Former Telecom Minister: Indian PM Knew About Cut-Rate Mobile Phone License Sales

Posted July 25th, 2011 at 10:40 am (UTC-5)
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India’s former telecommunications minister, who is charged in connection with the country’s biggest corruption scandal, says the prime minister and other top officials knew about his decision to sell mobile phone licenses at below-market prices.

During Monday’s court appearance in New Delhi, A. Raja denied wrongdoing in a scandal that is believed to have cost the Indian government up to $40 billion in lost revenue. He and more than a dozen other officials and company executives are accused of conspiring to sell cellular phone licenses at cut-rate prices to the benefit of a few companies.

Raja, who resigned as telecom minister last year, told the court that Indian Prime Minister Manmohan Singh and the country’s then-finance minister knew about the sale and approved his decision.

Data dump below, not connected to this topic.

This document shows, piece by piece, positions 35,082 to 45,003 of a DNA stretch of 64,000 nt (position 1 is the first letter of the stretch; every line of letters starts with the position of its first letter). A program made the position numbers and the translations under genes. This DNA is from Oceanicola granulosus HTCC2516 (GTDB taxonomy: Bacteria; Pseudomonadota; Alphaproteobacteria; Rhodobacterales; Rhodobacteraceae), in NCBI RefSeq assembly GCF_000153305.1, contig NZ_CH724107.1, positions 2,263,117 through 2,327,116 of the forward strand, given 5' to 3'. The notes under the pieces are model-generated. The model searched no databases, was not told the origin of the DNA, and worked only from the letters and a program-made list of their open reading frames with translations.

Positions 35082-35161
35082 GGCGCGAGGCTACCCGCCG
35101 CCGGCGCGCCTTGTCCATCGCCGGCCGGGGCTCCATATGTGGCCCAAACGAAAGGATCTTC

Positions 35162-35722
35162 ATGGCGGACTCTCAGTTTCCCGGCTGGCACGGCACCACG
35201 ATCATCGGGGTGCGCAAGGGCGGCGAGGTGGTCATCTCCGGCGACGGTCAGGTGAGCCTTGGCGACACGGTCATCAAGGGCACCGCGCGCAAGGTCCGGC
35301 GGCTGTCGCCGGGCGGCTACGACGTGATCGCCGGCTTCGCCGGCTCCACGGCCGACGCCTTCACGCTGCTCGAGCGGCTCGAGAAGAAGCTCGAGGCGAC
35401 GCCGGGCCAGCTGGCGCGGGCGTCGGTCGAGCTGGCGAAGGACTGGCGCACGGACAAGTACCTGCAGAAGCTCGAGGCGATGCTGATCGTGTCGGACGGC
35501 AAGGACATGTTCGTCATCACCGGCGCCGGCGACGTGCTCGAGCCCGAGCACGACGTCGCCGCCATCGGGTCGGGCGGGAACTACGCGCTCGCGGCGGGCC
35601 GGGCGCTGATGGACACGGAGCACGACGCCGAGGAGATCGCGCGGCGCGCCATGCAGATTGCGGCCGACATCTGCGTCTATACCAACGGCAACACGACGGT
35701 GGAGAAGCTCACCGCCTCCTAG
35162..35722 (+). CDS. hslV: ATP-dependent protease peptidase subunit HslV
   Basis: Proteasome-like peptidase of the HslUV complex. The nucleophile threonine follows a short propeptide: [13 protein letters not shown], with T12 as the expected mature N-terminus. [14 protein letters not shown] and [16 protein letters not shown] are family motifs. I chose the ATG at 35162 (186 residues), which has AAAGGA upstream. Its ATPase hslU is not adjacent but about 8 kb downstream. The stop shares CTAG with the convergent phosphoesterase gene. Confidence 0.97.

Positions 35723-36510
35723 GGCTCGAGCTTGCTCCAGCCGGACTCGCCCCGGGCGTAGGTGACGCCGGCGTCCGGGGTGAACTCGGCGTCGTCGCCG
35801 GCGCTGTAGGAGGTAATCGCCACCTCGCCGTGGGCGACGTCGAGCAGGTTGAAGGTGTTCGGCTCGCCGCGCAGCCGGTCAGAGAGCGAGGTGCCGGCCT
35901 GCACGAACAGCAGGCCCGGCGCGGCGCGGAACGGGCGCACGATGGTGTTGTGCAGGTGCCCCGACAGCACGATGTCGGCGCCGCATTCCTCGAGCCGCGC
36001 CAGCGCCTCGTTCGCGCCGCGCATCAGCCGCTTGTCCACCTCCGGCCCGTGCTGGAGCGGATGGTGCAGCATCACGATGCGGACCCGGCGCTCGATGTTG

Raja argued that his actions were in accordance with government policy. He said “if the policy pursued by me was wrong, then all former telecom ministers since 1993 should also be in jail with me.”

He added that he had done a great deal of good as telecom minister — making it possible for millions of Indians to own a mobile phone, regardless of their socioeconomic status.

Raja and others are charged with conspiracy, cheating, and other crimes.

Prime Minister Singh’s ruling Congress Party has been beset by other corruption scandals, including allegations of widespread graft during the 2010 Commonwealth Games, which were hosted by the Indian government.